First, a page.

Atherosclerosis is an inflammatory disease of arteries that leads to heart attack and stroke, which are among the most significant causes of death and disability in our society. Although the arterial endothelium is uniformly exposed to inflammatory mediators induced by systemic risk factors (e.g. obesity, dyslipidemia, diabetes), the focal nature of atherosclerotic lesions implicates spatial heterogeneity in the endothelial inflammatory response. Lacking is a thorough understanding of how signaling via hemodynamic cues converges with a multitude of other factors driven by diet, metabolism and genetics to affect atherogenesis. Our studies have contributed to the emerging paradigm that disturbed flow is permissive to atherosclerosis in that it contributes to a state of chronic stress or dysregulation which might be exacerbated by factors that affect systemic inflammation.
Vascular mimetics to study inflammation and susceptibility to atherosclerosis:
Our laboratory uses a variety of techniques to expose cultured endothelial cells to defined flows/ shear stresses that mimic physiological conditions. We apply these in mechanistic studies to test hypotheses related to the superposition of metabolic stress with hydrodynamic factors in the regulation of endothelial function and pathology.
We have a long-standing collaboration with Prof Simon’s group through which we apply microfluidic-based devices for the on-chip assessment of endothelial inflammatory phenotype through the real-time imaging of cell adhesion molecule expression and monocyte adhesion.
A major advantage of this approach lies in the ability to quantify outcomes associated with endothelial dysfunction in cells exposed to inflammatory mediators such as dietary lipids and cytokines under defined hydrodynamic conditions that mirror those in atherogenic vessels.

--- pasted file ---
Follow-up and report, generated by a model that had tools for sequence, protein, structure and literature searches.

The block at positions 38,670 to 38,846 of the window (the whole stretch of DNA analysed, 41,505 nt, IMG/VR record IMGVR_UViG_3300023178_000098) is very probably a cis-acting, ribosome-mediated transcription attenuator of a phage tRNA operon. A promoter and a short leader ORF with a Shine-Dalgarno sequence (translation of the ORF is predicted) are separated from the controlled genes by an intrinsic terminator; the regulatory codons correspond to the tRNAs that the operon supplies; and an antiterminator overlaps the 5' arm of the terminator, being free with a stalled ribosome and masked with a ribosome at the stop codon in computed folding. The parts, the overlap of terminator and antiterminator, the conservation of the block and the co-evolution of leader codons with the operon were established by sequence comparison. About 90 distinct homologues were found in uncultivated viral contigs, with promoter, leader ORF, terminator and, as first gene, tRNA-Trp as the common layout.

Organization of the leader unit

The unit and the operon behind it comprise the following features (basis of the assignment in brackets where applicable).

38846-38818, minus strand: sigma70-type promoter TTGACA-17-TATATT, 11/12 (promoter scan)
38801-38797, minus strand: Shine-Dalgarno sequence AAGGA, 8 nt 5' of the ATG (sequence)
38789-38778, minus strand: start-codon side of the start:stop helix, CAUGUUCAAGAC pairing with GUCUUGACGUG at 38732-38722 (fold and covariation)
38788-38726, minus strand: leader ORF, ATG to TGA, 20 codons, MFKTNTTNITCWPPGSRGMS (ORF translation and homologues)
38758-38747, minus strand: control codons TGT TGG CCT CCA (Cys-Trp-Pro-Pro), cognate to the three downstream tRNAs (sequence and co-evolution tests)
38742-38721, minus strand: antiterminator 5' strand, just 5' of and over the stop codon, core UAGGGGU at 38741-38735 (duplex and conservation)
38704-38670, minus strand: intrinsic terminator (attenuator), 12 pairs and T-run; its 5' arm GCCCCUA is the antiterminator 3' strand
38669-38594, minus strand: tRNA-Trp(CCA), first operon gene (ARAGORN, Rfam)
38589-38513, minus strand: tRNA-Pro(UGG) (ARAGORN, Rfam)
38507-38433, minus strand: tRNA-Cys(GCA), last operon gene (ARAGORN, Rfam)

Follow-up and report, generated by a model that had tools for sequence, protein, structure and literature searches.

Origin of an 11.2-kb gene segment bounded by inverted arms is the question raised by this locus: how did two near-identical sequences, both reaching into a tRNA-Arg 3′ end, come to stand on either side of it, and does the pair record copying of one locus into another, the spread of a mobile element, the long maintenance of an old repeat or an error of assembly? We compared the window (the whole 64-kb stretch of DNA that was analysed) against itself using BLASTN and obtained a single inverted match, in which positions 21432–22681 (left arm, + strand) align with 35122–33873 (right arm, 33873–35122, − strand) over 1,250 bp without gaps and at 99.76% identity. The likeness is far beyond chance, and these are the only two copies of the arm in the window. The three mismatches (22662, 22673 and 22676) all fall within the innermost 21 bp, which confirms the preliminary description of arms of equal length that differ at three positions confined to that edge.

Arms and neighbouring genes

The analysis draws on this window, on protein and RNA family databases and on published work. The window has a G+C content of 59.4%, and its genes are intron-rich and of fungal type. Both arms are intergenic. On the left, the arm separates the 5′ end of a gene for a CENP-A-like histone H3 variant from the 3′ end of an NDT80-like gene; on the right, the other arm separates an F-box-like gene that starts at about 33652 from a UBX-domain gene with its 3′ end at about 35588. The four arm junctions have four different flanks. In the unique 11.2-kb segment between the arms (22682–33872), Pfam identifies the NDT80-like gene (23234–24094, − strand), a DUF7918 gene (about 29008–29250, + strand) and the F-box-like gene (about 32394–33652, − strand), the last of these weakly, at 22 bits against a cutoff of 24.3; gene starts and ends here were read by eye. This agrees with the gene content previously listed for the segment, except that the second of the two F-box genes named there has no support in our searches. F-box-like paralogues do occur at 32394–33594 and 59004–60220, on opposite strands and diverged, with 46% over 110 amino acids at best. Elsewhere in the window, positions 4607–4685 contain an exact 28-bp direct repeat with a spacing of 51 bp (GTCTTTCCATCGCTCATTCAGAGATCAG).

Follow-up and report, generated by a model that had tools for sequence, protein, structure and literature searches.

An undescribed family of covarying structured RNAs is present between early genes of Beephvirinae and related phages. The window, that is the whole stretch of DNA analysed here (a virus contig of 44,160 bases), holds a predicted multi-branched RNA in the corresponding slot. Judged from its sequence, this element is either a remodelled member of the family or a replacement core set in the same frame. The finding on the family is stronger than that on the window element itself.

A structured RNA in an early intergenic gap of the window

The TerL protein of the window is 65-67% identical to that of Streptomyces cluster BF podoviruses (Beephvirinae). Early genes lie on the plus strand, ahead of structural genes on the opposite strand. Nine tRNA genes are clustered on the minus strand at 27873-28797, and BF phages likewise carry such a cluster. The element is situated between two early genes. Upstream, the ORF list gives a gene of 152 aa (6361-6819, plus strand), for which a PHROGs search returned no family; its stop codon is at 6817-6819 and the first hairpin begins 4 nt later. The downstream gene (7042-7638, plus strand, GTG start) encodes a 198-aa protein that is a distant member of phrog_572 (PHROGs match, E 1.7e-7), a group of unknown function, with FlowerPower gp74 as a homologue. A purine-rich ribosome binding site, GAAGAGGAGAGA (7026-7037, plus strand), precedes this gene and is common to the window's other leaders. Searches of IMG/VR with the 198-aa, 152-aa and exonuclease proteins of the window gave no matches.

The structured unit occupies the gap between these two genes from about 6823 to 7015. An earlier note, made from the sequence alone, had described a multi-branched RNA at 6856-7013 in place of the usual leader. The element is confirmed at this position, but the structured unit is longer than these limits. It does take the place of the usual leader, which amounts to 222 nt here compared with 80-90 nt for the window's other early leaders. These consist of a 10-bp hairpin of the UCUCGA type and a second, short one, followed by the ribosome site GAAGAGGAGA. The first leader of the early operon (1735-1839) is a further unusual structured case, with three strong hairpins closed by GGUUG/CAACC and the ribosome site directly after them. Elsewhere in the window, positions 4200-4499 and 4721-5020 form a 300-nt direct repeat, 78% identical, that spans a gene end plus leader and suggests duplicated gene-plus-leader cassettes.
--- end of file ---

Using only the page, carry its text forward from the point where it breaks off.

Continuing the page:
Ultimately, in addition to providing insight into the early inflammatory events underlying atherosclerosis, we envision that these technologies will lead to faithful ex vivo approaches for assessing an individual’s risk of inflammation-mediated cardiovascular disease.
Atherogenicity of dietary lipids:
Atherosclerosis is exacerbated by factors such as dyslipidemia and obesity that are associated with metabolically-induced chronic low grade inflammation, an array of stress responses, and endothelial dysfunction. We apply our microfluidic platform to the analysis of the inflammatory potential of circulating lipoproteins isolated from human subjects after a high fat meal. The overall goal of the project is to identify the mechanisms by which these lipoproteins act as pro-inflammatory mediators in shifting the balance from healthy to atherogenic endothelium in subjects ranging from healthy, to those with risk factors for cardiovascular disease (i.e. metabolic syndrome), to those undergoing treatment for acute myocardial infarction. Our studies are investigating the mechanisms by which lipids impact inflammation in endothelium and monocytes, the regulation of those mechanisms by biomechanical cues, and the effects of diet and supplementation (e.g. with omega-3 fatty acids).
Shear stress modulation of RAGE-mediated inflammation:
Diabetes is an important risk factor associated with the metabolic syndrome that affects a large proportion of our population. We recently reported a novel role for arterial hemodynamics in the regulation of RAGE (receptor for advanced glycation end products)-mediated inflammation in arterial endothelium. This receptor is found in atherosclerotic plaques and to a greater extent in diabetes. It recognizes ligands produced as a consequence of chronic hyperglycemia and the pro-inflammatory state of diabetes. We found RAGE expression and activity to be modulated by shear stress, consistent with a greater proclivity to inflammation under conditions associated with susceptibility to lesion formation in arteries. We continue to investigate the signaling mechanisms underlying the RAGE inflammatory axis and its regulation by hemodynamics.
Influence of endothelial cell aging on the inflammatory mechanisms of atherogenesis:
This project examines aging as a risk factor for cardiovascular disease. Our objectives are to identify molecular signatures of aging that may lead to functional impairment of endothelium and measure age-associated differences in response to inflammatory activation that might contribute to atherosusceptibility.